Speak out in support of education

Published 10:40 am Monday, May 11, 2015

Dr. Adenuga Atewologun

Riverland president

On a recent trip to the Capitol, I visited with all five of the legislators that represent Riverland Community College’s campus communities in Albert Lea, Austin and Owatonna. Despite their busy schedules, Sens. Vicki Jensen and Dan Sparks, and Reps. Peggy Bennett, John Petersburg and Jeanne Poppe took the time to listen to our needs. Some had to step out of caucus to meet, showing their passion for education. They understand the challenges facing our region.



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The legislative session is just weeks from completion. Legislators are considering many important investments, among them funding for Minnesota State Colleges and Universities, which of course includes our three Riverland campuses in Albert Lea, Austin and Owatonna. We need to urge our legislators to help all of us meet the challenge of educating all Minnesotans and fill the regional workforce gap by moving the funding allocation more toward 50/50 funding from the state. Riverland understands that a large part of the 50 percent non-state funding must be through tuition and public-private partnerships.

As a community college, Riverland has worked hard to build strong partnerships in the communities we serve. Recently, Riverland has accepted monetary and/or equipment donations from companies like Knutson Construction, Lou Rich, Federated Insurance, Cold Spring Granite, AT&T, PPG and Auto Body Specialists, to name only a few that have donated this year to help our academic programming and students thrive.

Since 2010, The Hormel Foundation has provided $1 million to fund the Cycles for Success scholarship program at Riverland. Cycles for Success supports high school graduates who typically would not pursue postsecondary education because of financial barriers. The program helps to increase high school graduation rates, college-readiness levels, and participation rates in postsecondary education. Each year more than 85 students benefit from this scholarship program.

The Hormel Foundation also supports Riverland’s “Be Your Best Summer Prep Academy,” a summer bridge program that helps students improve their academic skills in preparation for college. Focusing on minority and other traditionally underrepresented students, the Foundation’s $40,000 annual investment has advanced this program into an award-winning best practice that has successfully served more than 150 students.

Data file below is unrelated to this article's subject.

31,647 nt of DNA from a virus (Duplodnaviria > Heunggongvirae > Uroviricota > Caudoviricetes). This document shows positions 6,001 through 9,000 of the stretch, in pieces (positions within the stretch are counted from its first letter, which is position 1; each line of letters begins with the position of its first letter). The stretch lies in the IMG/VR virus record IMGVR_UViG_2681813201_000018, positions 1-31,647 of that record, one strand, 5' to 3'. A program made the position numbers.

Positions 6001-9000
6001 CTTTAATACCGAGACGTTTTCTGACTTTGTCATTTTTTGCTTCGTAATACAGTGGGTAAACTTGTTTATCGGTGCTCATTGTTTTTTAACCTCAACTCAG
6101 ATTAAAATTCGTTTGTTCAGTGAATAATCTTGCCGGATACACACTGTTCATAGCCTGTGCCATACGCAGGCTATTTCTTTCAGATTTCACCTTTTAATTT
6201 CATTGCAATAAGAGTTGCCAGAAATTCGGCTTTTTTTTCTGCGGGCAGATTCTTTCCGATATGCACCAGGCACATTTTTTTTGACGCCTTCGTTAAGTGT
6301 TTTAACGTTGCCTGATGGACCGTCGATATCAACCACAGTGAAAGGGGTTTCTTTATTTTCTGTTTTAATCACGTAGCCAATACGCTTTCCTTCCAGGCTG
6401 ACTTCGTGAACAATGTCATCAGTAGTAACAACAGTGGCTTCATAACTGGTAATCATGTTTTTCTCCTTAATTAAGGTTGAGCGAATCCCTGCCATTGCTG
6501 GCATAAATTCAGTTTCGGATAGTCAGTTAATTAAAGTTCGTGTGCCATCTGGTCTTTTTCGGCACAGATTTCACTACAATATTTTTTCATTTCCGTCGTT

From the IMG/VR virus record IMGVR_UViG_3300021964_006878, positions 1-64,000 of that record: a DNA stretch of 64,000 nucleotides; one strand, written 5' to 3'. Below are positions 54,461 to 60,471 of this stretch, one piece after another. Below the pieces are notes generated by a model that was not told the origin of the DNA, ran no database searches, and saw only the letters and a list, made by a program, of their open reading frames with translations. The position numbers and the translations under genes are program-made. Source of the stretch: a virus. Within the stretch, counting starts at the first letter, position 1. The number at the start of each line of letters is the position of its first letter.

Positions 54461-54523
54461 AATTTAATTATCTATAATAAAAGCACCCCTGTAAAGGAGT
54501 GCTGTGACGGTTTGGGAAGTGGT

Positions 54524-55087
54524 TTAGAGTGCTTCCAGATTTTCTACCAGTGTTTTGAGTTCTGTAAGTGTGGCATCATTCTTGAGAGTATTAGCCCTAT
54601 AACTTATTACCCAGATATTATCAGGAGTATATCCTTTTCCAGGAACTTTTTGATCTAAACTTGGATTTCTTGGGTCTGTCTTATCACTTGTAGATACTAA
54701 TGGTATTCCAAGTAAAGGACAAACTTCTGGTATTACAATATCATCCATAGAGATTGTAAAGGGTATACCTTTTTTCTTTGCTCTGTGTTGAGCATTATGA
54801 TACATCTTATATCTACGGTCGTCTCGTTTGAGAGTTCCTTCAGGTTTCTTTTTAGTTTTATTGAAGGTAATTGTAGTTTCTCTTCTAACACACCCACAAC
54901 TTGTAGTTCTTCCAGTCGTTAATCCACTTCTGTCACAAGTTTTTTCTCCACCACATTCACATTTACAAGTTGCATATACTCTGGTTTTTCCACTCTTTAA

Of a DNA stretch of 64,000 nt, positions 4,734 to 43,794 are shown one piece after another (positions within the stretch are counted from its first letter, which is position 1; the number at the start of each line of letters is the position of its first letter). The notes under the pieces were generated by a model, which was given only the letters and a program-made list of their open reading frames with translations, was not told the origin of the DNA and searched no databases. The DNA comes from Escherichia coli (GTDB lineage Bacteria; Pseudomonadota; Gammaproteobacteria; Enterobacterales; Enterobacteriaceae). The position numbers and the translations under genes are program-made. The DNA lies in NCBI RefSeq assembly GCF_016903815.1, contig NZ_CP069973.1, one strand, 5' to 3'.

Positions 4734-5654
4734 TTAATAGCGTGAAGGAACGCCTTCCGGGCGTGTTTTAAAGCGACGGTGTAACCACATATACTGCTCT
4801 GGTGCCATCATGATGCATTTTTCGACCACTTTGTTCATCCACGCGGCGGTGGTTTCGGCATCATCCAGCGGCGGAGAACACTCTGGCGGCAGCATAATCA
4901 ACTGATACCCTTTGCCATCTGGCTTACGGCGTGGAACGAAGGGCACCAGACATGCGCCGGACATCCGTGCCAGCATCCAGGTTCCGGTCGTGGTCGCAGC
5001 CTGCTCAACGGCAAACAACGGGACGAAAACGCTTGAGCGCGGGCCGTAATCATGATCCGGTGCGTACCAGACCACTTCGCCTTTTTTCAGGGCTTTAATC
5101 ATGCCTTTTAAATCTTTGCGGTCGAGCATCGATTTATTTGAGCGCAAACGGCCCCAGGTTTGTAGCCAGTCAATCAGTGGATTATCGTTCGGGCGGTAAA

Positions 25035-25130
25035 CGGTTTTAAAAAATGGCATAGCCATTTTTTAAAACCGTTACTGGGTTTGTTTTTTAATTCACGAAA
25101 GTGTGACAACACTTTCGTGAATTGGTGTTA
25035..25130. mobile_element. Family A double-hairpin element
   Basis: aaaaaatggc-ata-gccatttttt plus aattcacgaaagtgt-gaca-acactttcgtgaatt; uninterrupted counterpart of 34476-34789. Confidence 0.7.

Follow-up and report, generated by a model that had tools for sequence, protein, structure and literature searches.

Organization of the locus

These programs illustrate some of the powerful ways that Riverland Community College partnerships can provide opportunities for all Minnesotans to create a better future for themselves, for their families, and for their communities. Yet, resources remain a challenge. Our faculty and staff are dedicated to Riverland’s mission to inspire personal success through education. Despite students’ circumstances, they deserve excellence in teaching, scholarship and service without acquiring debt that may cripple their earnings for years to come.

Our colleges and universities have two primary sources of funding: tuition from students and appropriations from the state of Minnesota. Thanks to the legislature and Gov. Mark Dayton, we have frozen tuition for the last two years, making college a lot more affordable for students in our campus communities. With the exception of a funding increase last session, over the past 15 years, state support for higher education has been on a steep decline. Since 1999, Minnesota has cut funding by 53 percent. We used to lead the nation when it came to supporting our state colleges and universities but now we lag far behind. We were 21 percent above the national average and now we are 20 percent below that average. Even with the outstanding partnerships and donations from companies like those listed above, it becomes increasingly difficult to maintain quality programming and facilities that our students deserve.

Higher education is at a crossroads. Our ability to offer these opportunities has never been more important. Within five years, 74 percent of the jobs in Minnesota will require some postsecondary credentials. At a time when the demographics of the state are such that 70 percent of our growth will come from underserved populations, Minnesota State Colleges and Universities is the only resource able to respond. Our 24 colleges and  seven universities serve more first-generation students, more students of color and American Indian students, more low-income students, and more veterans than all of Minnesota’s other higher education options — combined.

This year, Riverland Community College celebrates our 75th anniversary. We are one year into a strategic plan that will ensure that we serve students for the next 75 years and beyond.

I urge you to become involved in the many investments being considered this legislative session and hope you will keep higher education in mind. Making access to college possible for all Minnesotans, meeting the future workforce needs of Minnesota, and protecting our ability to deliver programs to make that happen — these are all things worthy of our investment.